Poor air quality affects the Bay Area


Jai Uparkar

There was a hint of smoke in the air and no one could detect the source. The grey haze looked like the common fog that hugs the coast of the Bay Area during the mornings.

Early in the morning on Monday, October 9, the wind in Northern California had blown smoke from multiple fires that started in Mendocino, Sonoma, Napa and Lake County south, and caused the Bay Area Air Quality Management District to issue a smoke advisory.

The fires were hard to contain due to the harsh winds that reached over 50 mph, causing it to spread quickly. Students and teachers at MVHS noticed the smoke from the start of the day, including sophomore Alex Suppiah.

“[I noticed the air quality] a little bit towards the beginning of the day,” Suppiah said. “But I’ve gotten used to it […] so I don’t notice it now.”

The smoke affected the PE teachers as well, as their lesson plans clashed with the poor air quality. Many PE teachers had to reschedule their entire lessons to account for the smoke that could be hazardous to the student’s health. Many of them, including Julie Sullivan, decided to hold class indoors so that their students would not have to breathe the poor air.

“In my classes, we started our badminton unit,” Sullivan said. “So we stayed inside and did our cardio inside, and all the doors were closed. It wasn’t until I left [MVHS] and went to the gym after school and [the TVs on the equipment] showed seven or eight fires. I was freaking out.”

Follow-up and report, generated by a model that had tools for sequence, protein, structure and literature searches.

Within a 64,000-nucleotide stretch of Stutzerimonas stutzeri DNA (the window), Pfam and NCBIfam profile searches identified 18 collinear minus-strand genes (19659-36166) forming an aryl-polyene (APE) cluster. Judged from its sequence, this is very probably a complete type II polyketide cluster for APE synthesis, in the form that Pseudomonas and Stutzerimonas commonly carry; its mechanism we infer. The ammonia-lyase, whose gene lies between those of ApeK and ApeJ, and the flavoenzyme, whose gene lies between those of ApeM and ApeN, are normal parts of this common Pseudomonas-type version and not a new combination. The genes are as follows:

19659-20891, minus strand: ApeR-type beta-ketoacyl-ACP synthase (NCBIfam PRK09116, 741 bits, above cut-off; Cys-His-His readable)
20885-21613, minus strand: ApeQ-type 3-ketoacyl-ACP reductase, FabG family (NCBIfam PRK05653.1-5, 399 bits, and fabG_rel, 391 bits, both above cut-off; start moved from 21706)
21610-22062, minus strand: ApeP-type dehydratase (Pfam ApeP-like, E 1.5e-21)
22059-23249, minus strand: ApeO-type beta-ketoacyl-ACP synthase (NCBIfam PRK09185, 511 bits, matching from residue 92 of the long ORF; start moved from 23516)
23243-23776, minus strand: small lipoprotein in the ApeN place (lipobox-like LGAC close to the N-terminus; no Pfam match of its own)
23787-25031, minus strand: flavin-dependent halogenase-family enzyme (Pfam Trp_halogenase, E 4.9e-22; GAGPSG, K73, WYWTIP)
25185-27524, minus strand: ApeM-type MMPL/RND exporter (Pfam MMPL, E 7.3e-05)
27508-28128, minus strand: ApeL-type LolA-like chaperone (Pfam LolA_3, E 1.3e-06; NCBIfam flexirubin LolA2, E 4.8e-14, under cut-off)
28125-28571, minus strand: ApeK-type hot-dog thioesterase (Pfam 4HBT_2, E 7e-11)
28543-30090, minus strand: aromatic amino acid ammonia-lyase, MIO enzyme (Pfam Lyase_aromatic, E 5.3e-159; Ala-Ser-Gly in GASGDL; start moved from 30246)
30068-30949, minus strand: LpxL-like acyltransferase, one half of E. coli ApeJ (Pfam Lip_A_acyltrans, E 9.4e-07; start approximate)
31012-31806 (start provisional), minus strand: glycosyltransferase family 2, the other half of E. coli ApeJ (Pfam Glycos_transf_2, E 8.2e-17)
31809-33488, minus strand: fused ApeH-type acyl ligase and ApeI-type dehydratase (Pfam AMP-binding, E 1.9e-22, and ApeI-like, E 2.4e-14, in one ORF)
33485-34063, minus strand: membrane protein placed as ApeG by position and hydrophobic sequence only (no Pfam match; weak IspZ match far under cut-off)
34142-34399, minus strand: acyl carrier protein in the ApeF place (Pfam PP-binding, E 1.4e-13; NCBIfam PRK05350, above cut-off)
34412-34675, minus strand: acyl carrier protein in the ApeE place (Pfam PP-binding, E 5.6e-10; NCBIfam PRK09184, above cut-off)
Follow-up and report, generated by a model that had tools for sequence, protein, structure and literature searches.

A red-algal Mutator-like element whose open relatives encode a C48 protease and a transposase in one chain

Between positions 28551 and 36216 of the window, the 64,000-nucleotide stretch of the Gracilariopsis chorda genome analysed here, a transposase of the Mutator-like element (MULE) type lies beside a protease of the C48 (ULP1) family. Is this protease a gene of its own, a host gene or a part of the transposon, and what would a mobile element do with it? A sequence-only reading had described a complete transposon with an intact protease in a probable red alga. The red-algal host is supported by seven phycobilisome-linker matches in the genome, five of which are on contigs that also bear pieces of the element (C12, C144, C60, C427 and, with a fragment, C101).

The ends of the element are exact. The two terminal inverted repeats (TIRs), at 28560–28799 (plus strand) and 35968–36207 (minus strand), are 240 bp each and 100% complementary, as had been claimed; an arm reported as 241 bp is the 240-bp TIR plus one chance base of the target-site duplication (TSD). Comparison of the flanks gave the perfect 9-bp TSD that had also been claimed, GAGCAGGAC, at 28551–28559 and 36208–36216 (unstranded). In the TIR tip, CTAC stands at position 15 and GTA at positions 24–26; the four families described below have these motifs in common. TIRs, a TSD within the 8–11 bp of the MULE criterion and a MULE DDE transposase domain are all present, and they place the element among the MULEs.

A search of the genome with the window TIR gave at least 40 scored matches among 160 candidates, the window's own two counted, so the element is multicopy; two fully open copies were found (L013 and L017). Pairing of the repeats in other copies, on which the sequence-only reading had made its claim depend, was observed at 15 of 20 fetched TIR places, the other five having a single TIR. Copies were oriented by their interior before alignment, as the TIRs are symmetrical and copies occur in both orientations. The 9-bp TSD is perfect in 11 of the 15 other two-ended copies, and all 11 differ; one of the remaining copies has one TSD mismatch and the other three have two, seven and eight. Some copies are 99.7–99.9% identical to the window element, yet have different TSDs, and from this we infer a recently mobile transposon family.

While smoky air is uncommon in the Bay Area, it was familiar to some students who have lived in Asian countries, where pollution is an imminent problem.

“It reminded me of Nepal,” Suppiah said. “[The air there is] really dry, and there’s always a fire going on so [it always smells like] smoke.”

For Sullivan, the gas-filled air reminded her of her own experiences in Lake Tahoe, which she visited this past summer. This experience allowed her to sympathize with the victims of the fire. Although she was 124 miles away, there were fires in Yosemite that affected her while she was there.

“One of the days [while I was in Lake Tahoe], I opened up my windows,” Sullivan said. “My house smelled of smoke so bad I had to shut all the windows and I left and I hung out with my friends in Truckee.”

According to Newsweek, the California wildfires have claimed 11 lives, and destroyed 110,000 acres of land on Monday night alone. The fires began on Sunday night and continued to grow until there were 18 fires across seven counties.

Wildfires have become increasingly common due to global warming, as carbon emissions are exponentially rising. With this increase in carbon emissions comes a drastic rise of greenhouse gases, which in turn speeds up the process of evaporation, making land drier and more prone to severe and long-lasting wildfires.

However, freshman Parsaa Alimadade believes wildfires are not a product of global warming. Instead, he believes that the occurrence of a wildfire is unpredictable.

“Mainly people would blame it on global warming or climate change but I’m really not about that and I really think it’s unpredictable,” Alimadade said. “You can’t really control it.”

For Sullivan, the main concern is those affected.

“I feel bad now for all these people because so many people are displaced,” Sullivan said. “They don’t even know if their houses have burned down, they can’t get back in because they don’t have control of the fires.”